Despite limited funds, vice president leads the charge to make Ecuador accessible to the handicapped

Mar 16, 2011 | 0 comments

The ornate lobby of the nation’s vice presidential palace is teeming with people in wheelchairs and on crutches, mothers leading the blind and the developmentally disabled.

Many are here because they believe that the man upstairs is one of their own.

Ever since a thief’s bullet ripped through his spine 13 years ago, Ecuador’s vice president, Lenín Moreno, has been paralyzed from the waist down. When he was elected second-in-command of this Andean nation in 2007, he became one of the highest ranking politicians in Latin American history to have a visible disability.

Sitting in a wheelchair behind a wide wooden desk at his office, Moreno, 58, is quick to downplay his historic role.

There have been congressmen and judges in wheelchairs before, he said. There have been Latin American presidents with speech impediments, and Joaquín Balaguer, the former president of the Dominican Republic, was in his 90s and legally blind when he won a third term.

“We’re all handicapped at some moment in our life — whether it’s as children or as seniors,” Moreno told The Miami Herald. “So I’m sure I’m not the only one.”

What is certain is that Moreno and President Rafael Correa have done more to promote the rights of people with serious disabilities in Ecuador than any administration in recent memory. 

The vice presidency spearheaded the first door-to-door survey to locate and identify the nation’s disabled population; the administration has increased the budget for disabled care from about $100,000 a year to $65 million per year, and it has required businesses to reserve one out of every 25 jobs for people with disabilities.

Just as important, Moreno’s high-profile status has helped shine a spotlight on a segment of the population that had long been ostracized.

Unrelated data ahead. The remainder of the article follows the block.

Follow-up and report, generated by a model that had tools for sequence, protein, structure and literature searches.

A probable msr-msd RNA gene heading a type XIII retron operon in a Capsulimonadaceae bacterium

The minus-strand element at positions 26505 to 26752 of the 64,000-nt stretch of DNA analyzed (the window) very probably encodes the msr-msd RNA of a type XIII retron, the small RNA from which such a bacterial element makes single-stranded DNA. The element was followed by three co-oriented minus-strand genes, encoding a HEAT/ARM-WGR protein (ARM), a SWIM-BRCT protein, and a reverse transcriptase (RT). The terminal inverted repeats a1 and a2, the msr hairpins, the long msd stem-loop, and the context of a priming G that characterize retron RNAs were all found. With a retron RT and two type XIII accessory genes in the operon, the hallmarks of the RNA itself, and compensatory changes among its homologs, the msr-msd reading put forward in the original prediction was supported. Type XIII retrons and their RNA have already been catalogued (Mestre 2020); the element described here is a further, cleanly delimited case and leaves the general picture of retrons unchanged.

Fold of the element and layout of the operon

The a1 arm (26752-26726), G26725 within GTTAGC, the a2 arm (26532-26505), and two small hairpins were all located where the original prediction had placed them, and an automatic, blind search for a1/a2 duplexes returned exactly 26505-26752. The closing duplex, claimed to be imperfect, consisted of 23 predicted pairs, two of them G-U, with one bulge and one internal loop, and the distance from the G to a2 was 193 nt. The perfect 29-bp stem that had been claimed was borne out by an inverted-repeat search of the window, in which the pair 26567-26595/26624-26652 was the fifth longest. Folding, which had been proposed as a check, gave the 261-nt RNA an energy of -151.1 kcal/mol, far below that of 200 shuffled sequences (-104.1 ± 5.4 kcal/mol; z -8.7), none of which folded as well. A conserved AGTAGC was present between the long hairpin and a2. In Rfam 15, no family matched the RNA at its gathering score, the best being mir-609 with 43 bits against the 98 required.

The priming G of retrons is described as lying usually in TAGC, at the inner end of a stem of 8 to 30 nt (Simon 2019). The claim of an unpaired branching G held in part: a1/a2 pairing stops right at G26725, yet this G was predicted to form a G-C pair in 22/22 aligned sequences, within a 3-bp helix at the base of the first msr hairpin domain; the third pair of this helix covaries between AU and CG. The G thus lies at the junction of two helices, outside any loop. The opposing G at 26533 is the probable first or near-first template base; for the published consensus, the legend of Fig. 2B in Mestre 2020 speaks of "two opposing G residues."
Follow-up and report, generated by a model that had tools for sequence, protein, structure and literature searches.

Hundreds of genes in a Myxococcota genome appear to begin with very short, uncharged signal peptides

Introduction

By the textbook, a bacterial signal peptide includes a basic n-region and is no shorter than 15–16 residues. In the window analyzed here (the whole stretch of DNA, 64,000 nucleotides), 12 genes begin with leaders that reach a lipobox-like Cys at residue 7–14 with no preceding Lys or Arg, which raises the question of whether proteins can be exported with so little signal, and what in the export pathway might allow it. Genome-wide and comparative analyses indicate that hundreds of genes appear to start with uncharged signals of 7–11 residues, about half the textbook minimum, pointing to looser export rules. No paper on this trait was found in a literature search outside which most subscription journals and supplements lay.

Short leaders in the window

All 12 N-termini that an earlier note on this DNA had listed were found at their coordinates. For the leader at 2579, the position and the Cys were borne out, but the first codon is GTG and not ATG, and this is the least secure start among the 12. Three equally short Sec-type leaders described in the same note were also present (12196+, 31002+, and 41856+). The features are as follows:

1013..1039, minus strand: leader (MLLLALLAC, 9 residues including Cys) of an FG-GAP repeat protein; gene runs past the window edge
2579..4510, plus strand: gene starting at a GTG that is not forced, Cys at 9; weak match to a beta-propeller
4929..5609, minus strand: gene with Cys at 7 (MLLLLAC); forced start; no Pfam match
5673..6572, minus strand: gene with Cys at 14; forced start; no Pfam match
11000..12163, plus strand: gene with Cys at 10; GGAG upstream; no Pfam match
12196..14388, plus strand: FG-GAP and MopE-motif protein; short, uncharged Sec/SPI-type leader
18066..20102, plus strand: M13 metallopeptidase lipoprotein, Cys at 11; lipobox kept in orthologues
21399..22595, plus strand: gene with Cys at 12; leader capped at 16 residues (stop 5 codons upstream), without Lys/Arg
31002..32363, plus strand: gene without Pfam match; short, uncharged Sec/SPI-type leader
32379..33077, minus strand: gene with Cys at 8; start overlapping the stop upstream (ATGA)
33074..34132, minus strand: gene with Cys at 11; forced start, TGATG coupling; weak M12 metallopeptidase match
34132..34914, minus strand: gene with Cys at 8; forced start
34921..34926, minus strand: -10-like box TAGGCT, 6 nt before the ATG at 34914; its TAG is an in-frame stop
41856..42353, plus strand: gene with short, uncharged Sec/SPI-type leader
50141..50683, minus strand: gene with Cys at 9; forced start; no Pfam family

On his trips around the country, Moreno said he has encountered people with disabilities who have been hidden from public view in sheds and chicken coops.

“There was a time when a disability was considered God’s punishment — it was almost like they had been cursed by the devil,” he said. “Even today, people with disabilities are wary of showing themselves in public.”

Several times a month, the vice presidency organizes events designed to get those with disabilities onto the street, and Moreno often leads rallies for disabled people.

Such acts have won the administration fierce loyalty. When Correa was detained in a hospital by disgruntled policemen in September, a contingent of wheelchair-users joined the throngs demanding his release.

With his legs shriveled by polio as a child, Segundo Torres, 42, is just a few feet high and gets around in a wheelchair. He makes a living by playing songs — including a rendition of Hotel California — on a pan flute on the streets of Quito.

“This government has helped lift our spirits,” said Torres, who keeps a picture of Correa and Moreno on his mobile phone. “And they’ve taught me that I can be an example for other disabled people. But this country still has a long way to go.”

While discrimination is still the top obstacle, the nation’s infrastructure also makes it difficult for disabled people to find work, Torres said.